Underworld - Oblivion With Bells
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Underworld
Oblivion With Bells
(ATO)

Although they've fallen off a bit in recent years (their A Hundred Days Off release didn't hold up at all in terms of long-term listening), Underworld is one of those groups that I've always followed simply because of my love for their early work. Their Dubnobasswithmyheadman album was one of those seminal early 90s techno albums that truly helped cause a shift in my musical taste at the time (along with work by Aphex Twin, the Orb, Orbital, Future Sound of London, and others), and when they hit their stride (Second Toughest In The Infants, tracks like "Moaner," etc ) they're pretty hard to match.

Things change, though, and groups change. For Underworld, it meant the loss of Darren Emerson after their Beaucoup Fish album, and many would rightly argue that he was a key component in some of the best work from the group. They soldiered on, though, and slowed down their release schedule in a big way, cutting the pace to one album nearly every four years. Needless to say, I was very invigorated and even surprised by how well their newest release Oblivion With Bells kicks off. With cover art that's obviously a nod to their first album, the release starts strong with the lovely six-plus minutes of "Crocodile," as vocodered vocals from Karl Hyde swirl through a warm, trancey track that sounds like they haven't missed a beat. "Beautiful Burnout" is even better, ramping things up with super-thick bass synth stabs, neat polyrhythm programming, and murky vocals that launch the track into an extended breakdown and subsequent lush ending.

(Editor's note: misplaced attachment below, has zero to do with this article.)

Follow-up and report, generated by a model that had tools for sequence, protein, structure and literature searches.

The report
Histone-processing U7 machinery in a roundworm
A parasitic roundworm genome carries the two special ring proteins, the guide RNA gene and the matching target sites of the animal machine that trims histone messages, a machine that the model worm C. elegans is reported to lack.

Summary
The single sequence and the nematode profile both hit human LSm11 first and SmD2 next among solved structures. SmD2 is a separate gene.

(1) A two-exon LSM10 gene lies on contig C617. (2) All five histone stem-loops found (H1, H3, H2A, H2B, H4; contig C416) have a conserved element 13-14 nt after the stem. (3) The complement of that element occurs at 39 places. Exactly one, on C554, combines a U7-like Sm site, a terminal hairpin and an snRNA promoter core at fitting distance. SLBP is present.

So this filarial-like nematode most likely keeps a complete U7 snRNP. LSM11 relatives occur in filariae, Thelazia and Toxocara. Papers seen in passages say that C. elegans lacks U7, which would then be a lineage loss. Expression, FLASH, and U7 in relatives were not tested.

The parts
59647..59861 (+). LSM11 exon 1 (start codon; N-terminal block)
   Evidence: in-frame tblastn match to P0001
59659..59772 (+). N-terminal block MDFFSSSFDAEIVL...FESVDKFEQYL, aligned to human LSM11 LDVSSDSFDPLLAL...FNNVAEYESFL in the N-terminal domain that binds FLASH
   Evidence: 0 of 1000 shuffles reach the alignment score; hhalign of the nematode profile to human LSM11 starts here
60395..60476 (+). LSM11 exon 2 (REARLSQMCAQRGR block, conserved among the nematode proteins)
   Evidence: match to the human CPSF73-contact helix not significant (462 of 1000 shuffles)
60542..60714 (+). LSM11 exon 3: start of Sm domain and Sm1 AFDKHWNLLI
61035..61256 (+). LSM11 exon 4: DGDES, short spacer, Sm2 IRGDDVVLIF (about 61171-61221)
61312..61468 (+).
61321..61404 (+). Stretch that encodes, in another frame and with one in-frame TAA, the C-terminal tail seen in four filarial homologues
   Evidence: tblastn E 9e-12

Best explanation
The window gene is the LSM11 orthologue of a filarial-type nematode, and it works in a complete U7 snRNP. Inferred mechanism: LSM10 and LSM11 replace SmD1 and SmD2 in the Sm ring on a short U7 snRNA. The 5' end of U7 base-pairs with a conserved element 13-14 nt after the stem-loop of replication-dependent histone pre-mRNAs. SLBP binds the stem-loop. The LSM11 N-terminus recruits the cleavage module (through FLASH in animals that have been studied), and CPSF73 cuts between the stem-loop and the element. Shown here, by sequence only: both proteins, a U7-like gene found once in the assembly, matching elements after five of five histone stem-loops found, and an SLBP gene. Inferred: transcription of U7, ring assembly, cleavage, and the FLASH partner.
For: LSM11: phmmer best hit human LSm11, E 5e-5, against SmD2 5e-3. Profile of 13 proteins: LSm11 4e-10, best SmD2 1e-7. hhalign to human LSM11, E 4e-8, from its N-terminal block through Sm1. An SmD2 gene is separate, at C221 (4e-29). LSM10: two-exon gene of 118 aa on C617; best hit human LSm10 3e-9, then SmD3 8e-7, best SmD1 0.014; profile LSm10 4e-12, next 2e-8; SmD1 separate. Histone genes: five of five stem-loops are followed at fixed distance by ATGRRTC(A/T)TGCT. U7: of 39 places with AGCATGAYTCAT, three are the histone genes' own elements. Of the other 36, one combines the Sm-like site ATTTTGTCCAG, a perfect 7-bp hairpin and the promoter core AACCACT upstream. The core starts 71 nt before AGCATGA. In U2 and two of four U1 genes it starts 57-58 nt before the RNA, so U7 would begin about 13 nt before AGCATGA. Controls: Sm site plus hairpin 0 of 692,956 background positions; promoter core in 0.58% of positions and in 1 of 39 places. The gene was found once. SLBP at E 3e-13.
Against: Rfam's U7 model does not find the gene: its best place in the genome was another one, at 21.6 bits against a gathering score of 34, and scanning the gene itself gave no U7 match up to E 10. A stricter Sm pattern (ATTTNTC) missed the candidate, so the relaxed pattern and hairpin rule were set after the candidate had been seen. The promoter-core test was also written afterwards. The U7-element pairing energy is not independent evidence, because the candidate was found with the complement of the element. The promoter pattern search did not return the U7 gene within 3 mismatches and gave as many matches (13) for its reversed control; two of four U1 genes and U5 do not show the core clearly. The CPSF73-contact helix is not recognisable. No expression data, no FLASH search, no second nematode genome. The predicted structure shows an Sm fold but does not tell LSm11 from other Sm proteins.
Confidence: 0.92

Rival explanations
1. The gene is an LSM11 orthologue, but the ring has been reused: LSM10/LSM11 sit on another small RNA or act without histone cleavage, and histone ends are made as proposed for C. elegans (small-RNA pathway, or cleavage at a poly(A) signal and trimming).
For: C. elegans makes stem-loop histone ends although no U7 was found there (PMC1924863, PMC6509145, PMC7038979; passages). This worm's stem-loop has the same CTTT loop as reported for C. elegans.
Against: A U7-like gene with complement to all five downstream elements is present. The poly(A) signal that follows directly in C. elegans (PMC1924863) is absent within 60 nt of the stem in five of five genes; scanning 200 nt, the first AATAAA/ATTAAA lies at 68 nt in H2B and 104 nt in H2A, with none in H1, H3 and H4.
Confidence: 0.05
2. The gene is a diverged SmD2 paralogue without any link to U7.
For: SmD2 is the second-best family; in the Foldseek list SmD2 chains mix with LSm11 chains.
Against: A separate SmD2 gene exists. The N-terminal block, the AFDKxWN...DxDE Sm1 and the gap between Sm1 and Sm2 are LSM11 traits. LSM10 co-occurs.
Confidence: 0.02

From there out, the album changes up dramatically and the group never quite recaptures the early potency, although they do come close a couple times. "Ring Road" is another of the spoken-word style Hyde songs, and the odd track (with world music twinges and a gorgeous piano refrain ending) works quite well. On a slightly different side, "Glam Bucket" is just under six minutes of shimmering sonics in an ambient/dance hybrid that's one of the prettier tracks I've heard in awhile.

What's even more befuddling is the last five tracks of the album, which basically kill off any energy that the album established early, including the meaningless ambience of "Cuddle Bunny Vs. The Celtic Villages," the short piano-ballad "Good Morning Cockerel," and the loping, watered-down nine-minute closer "Best Mamgu Ever." As a longtime fan, even I don't expect the group to keep putting out the same sounds album after album, but Oblivion With Bells is such an inconsistent release that I essentially find myself listening to less than half of it. It's hard to be both a pioneer in electronic music and continue that trend for well over a decade (although Thomas Fehlmann is doing a pretty good job). If you're a hardcore fan of Underworld, you'll find some things to love here (as I did), but others will probably want to reach for something more consistent.

rating: 5.7510
Aaron Coleman 2007-11-15 21:02:07